The following is a brief chronology of the Daishowa v. Friends of the Lubicon court action. For those who are interested in how the courts have shut down this successful boycott campaign -- and for a taste of what's in store for Friends of the Lubicon at trial next week -- this chronology should fill in the important details.
* February 6, 1995: Friends of the Lubicon appear in court represented by Clayton Ruby and Dan Brodsky, and argue for an adjournment until April to give them time to prepare their defence. The court agrees, only on the provision that in the meantime (until the April hearing), FOL will not contact any Daishowa customers, will not picket any Daishowa customers, and will not encourage the public not to shop at stores who are customers of Daishowa. These provisions effectively give Daishowa the injunction before the case is even heard.
* April 26-28, 1995: Interim injunction hearing. Daishowa's case is a big one, and will take approximately a month to be heard fully in court. Until the court can schedule such a trial, Daishowa asks for an Interim Injunction which would stop FOL from pursuing the boycott in the meantime, arguing that they have suffered over $5 million in damages so far and shouldn't be subjected to more potential damage while waiting for trial. Madame Justice Frances Kiteley dismisses most of their claims in a decision delivered May 19, 1995. FOL are allowed to continue their activities until a full trial can decide on the future of the boycott.
* June 30, 1995: Justice Steele, author of the Temagami decision (recently described in a major Canadian newspaper as "one of the most aggressively anti-Indian judgments of the century" - grants Daishowa leave to appeal the May 19 decision.
* September 6, 1995: Finding that Daishowa has secured an appeal date for September 21, despite their lateness in filing papers, FOL's lawyers ask for an adjournment to a later date in order to have reasonable time to prepare. Justice White postpones the appeal date to October 24, but imposes conditions: between September 21 and October 24 FOL is not allowed to picket any Daishowa customers or inform them of any plans to picket, nor encourage the public not to shop at those stores - this essentially grants Daishowa their appeal before their appeal is heard.
* October 24-25, 1995: Daishowa's Appeal of the May 19 Interim Injunction decision is heard. The court reserves judgment but in the meantime it keeps in effect the prohibition on boycott activities as per Justice White's Sept. 6th court order.
* January 23, 1996: Judgement. In a 2-1 split decision, the Divisional Court gives its reasons for granting Daishowa an injunction against Friends of the Lubicon which will last until trial. They rule that the boycott becomes illegal if it is intended to harm the company. Such a decision threatens any effective boycott in Canada.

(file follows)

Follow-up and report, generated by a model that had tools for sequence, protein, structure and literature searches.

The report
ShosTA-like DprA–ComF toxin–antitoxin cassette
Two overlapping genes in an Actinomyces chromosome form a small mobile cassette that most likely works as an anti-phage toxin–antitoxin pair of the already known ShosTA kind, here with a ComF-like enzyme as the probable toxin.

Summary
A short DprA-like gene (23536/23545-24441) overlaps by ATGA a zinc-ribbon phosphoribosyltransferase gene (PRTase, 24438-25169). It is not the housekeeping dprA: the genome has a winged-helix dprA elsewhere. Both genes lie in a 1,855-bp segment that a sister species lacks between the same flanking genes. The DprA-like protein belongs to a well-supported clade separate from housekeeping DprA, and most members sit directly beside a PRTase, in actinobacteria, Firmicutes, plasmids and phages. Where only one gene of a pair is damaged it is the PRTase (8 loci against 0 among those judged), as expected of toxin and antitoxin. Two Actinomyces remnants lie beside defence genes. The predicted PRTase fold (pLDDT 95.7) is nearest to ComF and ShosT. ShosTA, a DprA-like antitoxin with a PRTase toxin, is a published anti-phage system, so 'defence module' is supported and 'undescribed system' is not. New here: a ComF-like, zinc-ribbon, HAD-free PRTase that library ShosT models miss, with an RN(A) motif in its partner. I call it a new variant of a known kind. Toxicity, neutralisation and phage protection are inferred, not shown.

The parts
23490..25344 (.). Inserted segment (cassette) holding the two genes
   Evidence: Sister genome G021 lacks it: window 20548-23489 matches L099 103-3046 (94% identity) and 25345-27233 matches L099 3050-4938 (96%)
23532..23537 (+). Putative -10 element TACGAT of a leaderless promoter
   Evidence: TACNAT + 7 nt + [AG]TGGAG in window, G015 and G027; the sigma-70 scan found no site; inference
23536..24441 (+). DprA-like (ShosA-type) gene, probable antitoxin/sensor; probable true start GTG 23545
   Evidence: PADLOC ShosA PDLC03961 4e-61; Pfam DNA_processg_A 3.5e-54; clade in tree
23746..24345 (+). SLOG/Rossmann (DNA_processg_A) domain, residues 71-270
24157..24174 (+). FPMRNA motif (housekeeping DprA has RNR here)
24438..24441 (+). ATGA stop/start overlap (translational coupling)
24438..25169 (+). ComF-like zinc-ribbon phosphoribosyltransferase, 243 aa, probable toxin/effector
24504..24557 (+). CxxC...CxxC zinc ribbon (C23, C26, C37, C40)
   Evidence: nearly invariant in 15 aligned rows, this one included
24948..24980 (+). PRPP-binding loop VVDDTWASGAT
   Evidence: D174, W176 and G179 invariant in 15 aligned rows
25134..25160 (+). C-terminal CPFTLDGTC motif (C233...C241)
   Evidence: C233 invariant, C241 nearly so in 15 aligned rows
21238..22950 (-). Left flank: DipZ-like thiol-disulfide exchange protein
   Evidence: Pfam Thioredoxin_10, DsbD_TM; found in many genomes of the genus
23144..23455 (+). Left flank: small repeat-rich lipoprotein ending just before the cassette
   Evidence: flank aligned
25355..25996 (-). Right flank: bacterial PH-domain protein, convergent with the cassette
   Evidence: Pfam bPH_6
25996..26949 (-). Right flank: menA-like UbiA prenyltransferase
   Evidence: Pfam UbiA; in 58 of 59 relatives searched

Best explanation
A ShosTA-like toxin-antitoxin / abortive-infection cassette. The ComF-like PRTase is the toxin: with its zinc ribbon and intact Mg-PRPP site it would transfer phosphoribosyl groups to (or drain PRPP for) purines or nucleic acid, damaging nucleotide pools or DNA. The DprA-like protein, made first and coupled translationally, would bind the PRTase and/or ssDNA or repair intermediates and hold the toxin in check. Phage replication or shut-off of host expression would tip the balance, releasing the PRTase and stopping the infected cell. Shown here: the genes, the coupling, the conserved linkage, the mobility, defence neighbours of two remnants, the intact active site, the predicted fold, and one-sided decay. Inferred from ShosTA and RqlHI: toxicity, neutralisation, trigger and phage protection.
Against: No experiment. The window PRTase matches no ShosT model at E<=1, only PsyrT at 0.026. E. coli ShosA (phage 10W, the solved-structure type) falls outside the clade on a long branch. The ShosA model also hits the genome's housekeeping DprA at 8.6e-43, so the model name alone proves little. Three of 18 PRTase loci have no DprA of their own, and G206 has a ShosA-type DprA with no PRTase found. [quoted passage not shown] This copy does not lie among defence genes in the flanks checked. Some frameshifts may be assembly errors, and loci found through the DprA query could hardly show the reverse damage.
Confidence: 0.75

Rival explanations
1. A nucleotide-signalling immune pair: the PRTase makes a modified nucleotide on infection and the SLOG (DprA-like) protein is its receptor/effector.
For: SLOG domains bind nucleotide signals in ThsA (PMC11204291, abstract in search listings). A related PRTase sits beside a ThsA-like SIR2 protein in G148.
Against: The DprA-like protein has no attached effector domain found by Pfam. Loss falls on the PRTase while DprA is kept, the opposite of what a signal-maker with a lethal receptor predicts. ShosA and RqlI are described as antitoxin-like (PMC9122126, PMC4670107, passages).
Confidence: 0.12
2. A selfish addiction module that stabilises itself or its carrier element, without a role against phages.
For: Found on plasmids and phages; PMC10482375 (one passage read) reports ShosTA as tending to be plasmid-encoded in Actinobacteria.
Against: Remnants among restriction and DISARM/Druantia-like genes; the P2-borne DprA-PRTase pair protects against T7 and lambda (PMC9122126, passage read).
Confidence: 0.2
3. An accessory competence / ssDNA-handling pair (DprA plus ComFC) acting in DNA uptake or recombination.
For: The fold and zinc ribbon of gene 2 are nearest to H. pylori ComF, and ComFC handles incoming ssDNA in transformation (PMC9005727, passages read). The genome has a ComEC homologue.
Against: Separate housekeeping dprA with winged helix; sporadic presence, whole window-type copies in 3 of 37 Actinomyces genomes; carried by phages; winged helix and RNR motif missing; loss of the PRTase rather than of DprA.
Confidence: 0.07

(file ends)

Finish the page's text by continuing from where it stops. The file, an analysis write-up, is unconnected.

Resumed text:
* April 26, 1996: Friends of the Lubicon are denied leave to appeal the decision by the Ontario Court of Appeal; no reasons are given.
* September 10, 1996: Finding that Daishowa has been slow to provide necessary disclosure required for preparing a defence, FOL asks for an adjournment of the scheduled trial date. The court agrees to reschedule the trial until the following September, however Daishowa asks for further conditions to be imposed.
* October 21, 1996: As a condition of adjourning the trial, Daishowa asks the Court to stop FOL, FOL's lawyers and a university professor - who is not even named in the case - from calling the lawsuit a SLAPP suit. The Court does not grant Daishowa's request.
* November 1996: Friends of the Lubicon file for leave to appeal the Divisional Court's interim injunction decision to the Supreme Court of Canada, asking the question "Are consumer boycotts unlawful in Canada?"
* June 13, 1997: Daishowa sends FOL's lawyers a letter threatening contempt of court proceedings against FOL member Kevin Thomas, former FOL lawyer Clayton Ruby and the national CBC television station for broadcasting a program in which Thomas refers to Daishowa as "bullies" and a CBC reporter uses a word FOL is prohibited from using. No charges are ever brought forward.
* June 19, 1997: Supreme Court of Canada refuses to hear the Friends' appeal. No reasons are given.
* September 2, 1997: Full trial begins. This is where Daishowa's claims are investigated in much greater detail, and the court decides whether or not to permanently halt FOL's activities and grant an award of damages to Daishowa. The trial is expected to run almost the entire month of September.